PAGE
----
When losing weight, one piece of advice you’ll hear often is the following – if you fall off your eating plan one day, pick yourself back up and think of the next day as a fresh start.

Annoying, isn’t it?

You’ll hear this advice from people who have “made it” – they’ve lost a lot of weight, their lives have changed, and they’ll tell you to stick through it, and you’ll be like, yeah, I have, I tried, and I keep failing. I keep trying, I can’t sustain the motivation, I have life factors, I have stuff going on that makes this difficult.

And you’re right.

You don’t have millions of dollars, a dedicated personal trainer and chef, the free time and lack of commitments others do, the lack of sleep, the injuries, or personal life circumstances that advantage others, nor do they have those that disadvantage you.

That’s not the point.

When you make a mistake, if you run through the process of regret, repentance, and retrying to do the right thing, Allah (swt) is pleased with you. And if you keep failing, repenting, and trying again, and again, and again, until you die, Allah keeps forgiving you.

The process of both recognizing your weakness, of getting out of denial, and humbling yourself and not thinking yourself so high and mighty has its own sobering effect. Not only does it help you in dealing with that atom’s weight of arrogance you don’t want to meet Allah (swt) with on the Day of Judgment, it helps make you a better human being, a more compassionate one, a more empathetic one, when calling others away from mistakes.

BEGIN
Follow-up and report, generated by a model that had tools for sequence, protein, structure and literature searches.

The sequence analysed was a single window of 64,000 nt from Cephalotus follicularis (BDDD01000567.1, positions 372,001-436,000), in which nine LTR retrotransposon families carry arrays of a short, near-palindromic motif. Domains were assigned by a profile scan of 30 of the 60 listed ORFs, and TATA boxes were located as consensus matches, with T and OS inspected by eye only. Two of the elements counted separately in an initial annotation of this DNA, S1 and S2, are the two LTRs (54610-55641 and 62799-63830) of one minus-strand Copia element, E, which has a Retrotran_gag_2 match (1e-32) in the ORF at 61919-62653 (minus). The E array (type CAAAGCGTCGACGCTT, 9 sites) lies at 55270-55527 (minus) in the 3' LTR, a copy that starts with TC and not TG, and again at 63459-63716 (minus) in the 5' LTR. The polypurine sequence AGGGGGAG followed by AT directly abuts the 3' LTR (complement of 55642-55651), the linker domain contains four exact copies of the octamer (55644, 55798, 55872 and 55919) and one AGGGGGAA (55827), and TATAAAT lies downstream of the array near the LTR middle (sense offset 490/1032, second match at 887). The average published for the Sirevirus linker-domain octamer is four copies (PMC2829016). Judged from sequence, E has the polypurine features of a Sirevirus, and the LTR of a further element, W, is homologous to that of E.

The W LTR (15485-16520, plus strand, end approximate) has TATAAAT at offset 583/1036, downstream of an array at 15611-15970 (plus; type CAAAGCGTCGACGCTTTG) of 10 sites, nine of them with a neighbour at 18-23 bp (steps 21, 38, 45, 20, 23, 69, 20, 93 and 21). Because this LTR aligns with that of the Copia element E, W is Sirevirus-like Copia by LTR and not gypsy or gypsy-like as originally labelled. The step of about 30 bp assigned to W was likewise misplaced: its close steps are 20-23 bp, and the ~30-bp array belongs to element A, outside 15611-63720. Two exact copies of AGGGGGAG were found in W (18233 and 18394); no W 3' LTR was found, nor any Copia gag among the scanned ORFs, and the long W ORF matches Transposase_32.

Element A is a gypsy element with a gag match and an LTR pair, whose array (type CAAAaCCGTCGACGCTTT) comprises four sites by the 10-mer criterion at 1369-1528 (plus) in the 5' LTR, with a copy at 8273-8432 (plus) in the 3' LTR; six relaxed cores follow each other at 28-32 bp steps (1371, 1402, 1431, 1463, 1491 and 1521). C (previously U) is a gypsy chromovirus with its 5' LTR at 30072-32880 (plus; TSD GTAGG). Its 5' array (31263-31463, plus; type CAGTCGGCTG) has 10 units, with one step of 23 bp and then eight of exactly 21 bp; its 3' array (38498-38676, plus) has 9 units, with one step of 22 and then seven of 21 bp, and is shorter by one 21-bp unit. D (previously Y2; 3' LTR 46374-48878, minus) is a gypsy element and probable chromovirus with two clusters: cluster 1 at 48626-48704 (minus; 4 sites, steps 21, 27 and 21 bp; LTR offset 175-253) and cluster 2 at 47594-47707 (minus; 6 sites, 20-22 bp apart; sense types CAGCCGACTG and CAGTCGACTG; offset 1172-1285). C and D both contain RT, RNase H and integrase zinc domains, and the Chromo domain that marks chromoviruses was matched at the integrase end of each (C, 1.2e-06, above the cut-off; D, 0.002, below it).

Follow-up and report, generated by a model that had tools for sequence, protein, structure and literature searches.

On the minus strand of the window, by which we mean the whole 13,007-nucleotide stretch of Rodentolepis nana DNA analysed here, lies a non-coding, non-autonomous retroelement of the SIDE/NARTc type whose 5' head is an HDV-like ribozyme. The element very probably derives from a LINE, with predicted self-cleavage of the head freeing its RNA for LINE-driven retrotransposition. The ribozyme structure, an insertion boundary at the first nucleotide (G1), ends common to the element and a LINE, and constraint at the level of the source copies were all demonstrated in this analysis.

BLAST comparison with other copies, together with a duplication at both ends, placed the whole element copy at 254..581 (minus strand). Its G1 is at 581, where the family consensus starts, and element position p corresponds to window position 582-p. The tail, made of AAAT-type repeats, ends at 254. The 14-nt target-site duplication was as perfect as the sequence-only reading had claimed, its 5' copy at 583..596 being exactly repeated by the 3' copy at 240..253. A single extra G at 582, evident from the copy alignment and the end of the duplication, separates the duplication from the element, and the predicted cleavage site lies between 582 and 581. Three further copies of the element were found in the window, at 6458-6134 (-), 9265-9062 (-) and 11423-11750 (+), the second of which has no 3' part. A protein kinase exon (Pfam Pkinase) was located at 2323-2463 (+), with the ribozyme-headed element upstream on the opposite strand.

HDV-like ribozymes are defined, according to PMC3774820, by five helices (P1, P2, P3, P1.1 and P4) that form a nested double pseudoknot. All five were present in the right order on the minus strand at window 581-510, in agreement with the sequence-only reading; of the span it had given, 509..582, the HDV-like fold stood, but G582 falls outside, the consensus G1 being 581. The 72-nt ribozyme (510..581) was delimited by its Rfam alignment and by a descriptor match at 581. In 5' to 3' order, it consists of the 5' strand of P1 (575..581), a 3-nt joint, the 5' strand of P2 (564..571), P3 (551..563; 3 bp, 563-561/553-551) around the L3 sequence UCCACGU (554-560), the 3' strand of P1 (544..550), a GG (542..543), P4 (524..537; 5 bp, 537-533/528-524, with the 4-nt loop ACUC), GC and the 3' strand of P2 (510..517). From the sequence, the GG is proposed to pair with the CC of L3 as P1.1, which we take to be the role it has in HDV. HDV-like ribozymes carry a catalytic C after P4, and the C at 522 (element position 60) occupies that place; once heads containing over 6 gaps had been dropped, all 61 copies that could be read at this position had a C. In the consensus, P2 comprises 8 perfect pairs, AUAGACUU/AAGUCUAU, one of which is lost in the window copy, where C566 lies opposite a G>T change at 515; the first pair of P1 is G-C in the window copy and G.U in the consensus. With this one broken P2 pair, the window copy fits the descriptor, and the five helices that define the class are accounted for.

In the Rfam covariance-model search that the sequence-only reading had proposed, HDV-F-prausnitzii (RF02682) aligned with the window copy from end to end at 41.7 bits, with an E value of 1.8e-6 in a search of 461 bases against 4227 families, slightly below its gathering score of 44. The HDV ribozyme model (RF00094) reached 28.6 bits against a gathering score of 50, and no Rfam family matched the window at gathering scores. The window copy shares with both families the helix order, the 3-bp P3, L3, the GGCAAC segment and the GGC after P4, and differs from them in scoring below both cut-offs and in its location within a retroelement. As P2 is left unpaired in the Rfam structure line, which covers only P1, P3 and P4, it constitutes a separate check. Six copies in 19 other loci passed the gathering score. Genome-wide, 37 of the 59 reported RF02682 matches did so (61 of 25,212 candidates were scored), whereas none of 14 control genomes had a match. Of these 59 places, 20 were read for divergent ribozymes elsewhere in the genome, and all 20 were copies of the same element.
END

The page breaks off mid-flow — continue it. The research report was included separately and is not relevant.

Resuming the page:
I’m not perfect, and you’re not perfect. Perfection is only for Allah (swt). But we’re trying. And the process of recognizing your weakness and at least attempting to rectify it means that maybe you’ll sin a little less, maybe you’ll still not invent excuses for mistakes and you’ll teach others, “Hey man, I know this is a sin, I know this is wrong, I hope you can do better than me.” And maybe they do change, and you’re both better for it.

Maybe in trying and failing again and again, what you end up doing is coming a little bit closer to success, and that process of trying and failing is the teacher you needed to get you out of your weakness and to then help others do likewise. Maybe that learning process serves you in succeeding elsewhere down the road in other treacherous turns and trials of life.

Whether it’s in losing weight, fixing broken relationships, pulling away from a heavy nafs addiction (eg pornography), don’t ever put yourself mentally in a position where “you’ve lost” and “you may as well give up” because “there’s no hope for me”. Don’t identify yourself by your failures.

So then, what is the point?

The point isn’t that you hit your goal perfectly. The point is that give your best, even with the little that you have, and that is good enough for you and for all of us. Ask Allah (swt) to help you better yourself, and in these 10 Days of Dhul-Hijjah, increase in your du’a, cry to Him for help, in whatever area of life it is you’re trying to improve.

And whatever you fail at, don’t fall off for weeks on end. Acknowledge your mistake, own it completely and take full responsibility. Try to figure out where you went wrong in your process, get help from others if you need to. Forgive yourself, and don’t resign yourself to an identity based on your mistakes.

Never get tired of failing, getting knocked down, and picking yourself back up and trying to do and be better again.

It’s always a brand new day tomorrow.

The post What Repentance Can Teach You About Success appeared first on MuslimMatters.org.

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Source: Muslim Matters